President Obama’s foreign policy has always been a murky mess. But the reason why has always been crystal clear: He views every decision through a political lens rather than a policy one. He rode into the White House on a promise to end the wars in the Middle East and every move he’s made since has been based on that commitment, regardless of the facts on the ground or the unintended (but predictable) consequences that arose.
Unsurprisingly, this has led to a tense relationships with his defense secretaries, who didn’t have the luxury of philosophical or political debates.
Chuck Hagel, who resigned as defense secretary last year, is the latest to express his concerns about President Obama’s foreign policy leadership. In an interview with Foreign Policy magazine Hagel expresses his frustration with the president’s decision-making process and his amazement at the White House’s attempt to undermine him.
In the interview Hagel describes the torturous process of waffling and indecision about Syria that ended up making our allies question our commitment and our enemies doubt our resolve. And it began with Obama’s now-infamous “red line” comments, which threatened Syrian President Bashar al Assad with grave consequences if he used chemical weapons against his own people. Assad promptly used mustard gas on villagers. Obama did nothing.
“Whether it was the right decision or not, history will determine that,” Hagel said. “There’s no question in my mind that it hurt the credibility of the president’s word when this occurred.”
“A president’s word is a big thing, and when the president says things, that’s a big deal,” he continued.
The event was just the most prominent outgrowth of the White House’s nonexistent Syrian policy, which was causing angst among the United State’s international allies and creating a vacuum for ISIS to spread. Foreign Policy’s Dan de Luce reports:
A month later, with his concerns mounting about the absence of an overarching policy on Syria and the fight against the Islamic State, Hagel wrote a two-page memo to Rice and Kerry — and copied the president — saying the administration needed todecide on its approach to the conflict in Syria and its stance toward the Assad regime. The memo argued that “we don’t have a policy,” Hagel told FP.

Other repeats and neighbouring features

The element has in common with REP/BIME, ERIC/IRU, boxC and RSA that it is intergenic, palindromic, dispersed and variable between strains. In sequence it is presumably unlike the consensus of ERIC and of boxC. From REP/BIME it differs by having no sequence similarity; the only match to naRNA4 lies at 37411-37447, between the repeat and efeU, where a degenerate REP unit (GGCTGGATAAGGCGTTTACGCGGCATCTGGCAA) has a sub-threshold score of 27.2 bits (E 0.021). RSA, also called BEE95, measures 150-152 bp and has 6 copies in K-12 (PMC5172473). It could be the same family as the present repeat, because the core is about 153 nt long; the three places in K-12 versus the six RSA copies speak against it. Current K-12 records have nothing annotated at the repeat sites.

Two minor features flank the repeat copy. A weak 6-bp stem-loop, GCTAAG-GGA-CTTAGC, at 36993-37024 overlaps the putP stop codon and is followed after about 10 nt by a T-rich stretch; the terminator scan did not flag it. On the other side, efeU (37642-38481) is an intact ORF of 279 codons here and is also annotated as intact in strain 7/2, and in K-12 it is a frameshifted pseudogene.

“I was saying, ‘We’re not getting to where we need to be,’” he said, “because I’m getting this from all of my colleagues around the world. All of my counterparts are coming up to me at NATO meetings and everywhere, saying, ‘What are you doing? Where is this going?’”
Unsurprisingly, rather than take the internal memo as constructive criticism that should guide decisionmaking, the White House bristled, signaling the beginning of the end for Hagel. This is far from the first time that Pentagon officials have publicly discussed the White House’s insensitivity to criticism and bureaucratic micromanagement by President Obama’s inner staff. Indeed, all of Hagel’s predecessors have expressed similar complaints.
Robert Gates, Obama’s first Secretary of Defense, said he was offended by the “controlling nature of the Obama White House, and its determination to take credit for every good thing that happened while giving none to the career folks in the trenches.” He said that this administration was “by far the most centralized and controlling” of any he had seen “since Richard Nixon.” And Gates chided the White House for breaking promises, alleging that “agreements with the Obama White House were good for only as long as they were politically convenient.”
Gate’s successor in the role, Leon Panetta, was similarly critical of Obama’s leadership style. Panetta argued that the president had a “frustrating reticence to engage his opponents and rally support for his cause” and too frequently “relies on the logic of a law professor rather than the passion of a leader.” This led to some troubling situations. For instance, Obama, Gates wrote, held out “hope that perhaps others in the world could step up to the plate and take on these issues,” which ultimately led to a “mixed message, not only to Assad, not only to the Syrians, but to the world.”
Three defense secretaries and three disturbing critiques of a controlling, politically driven, and reactive White House. If only this were baseball Obama would be out. Instead, it’s foreign policy, where tactical mistakes often lead to war and death.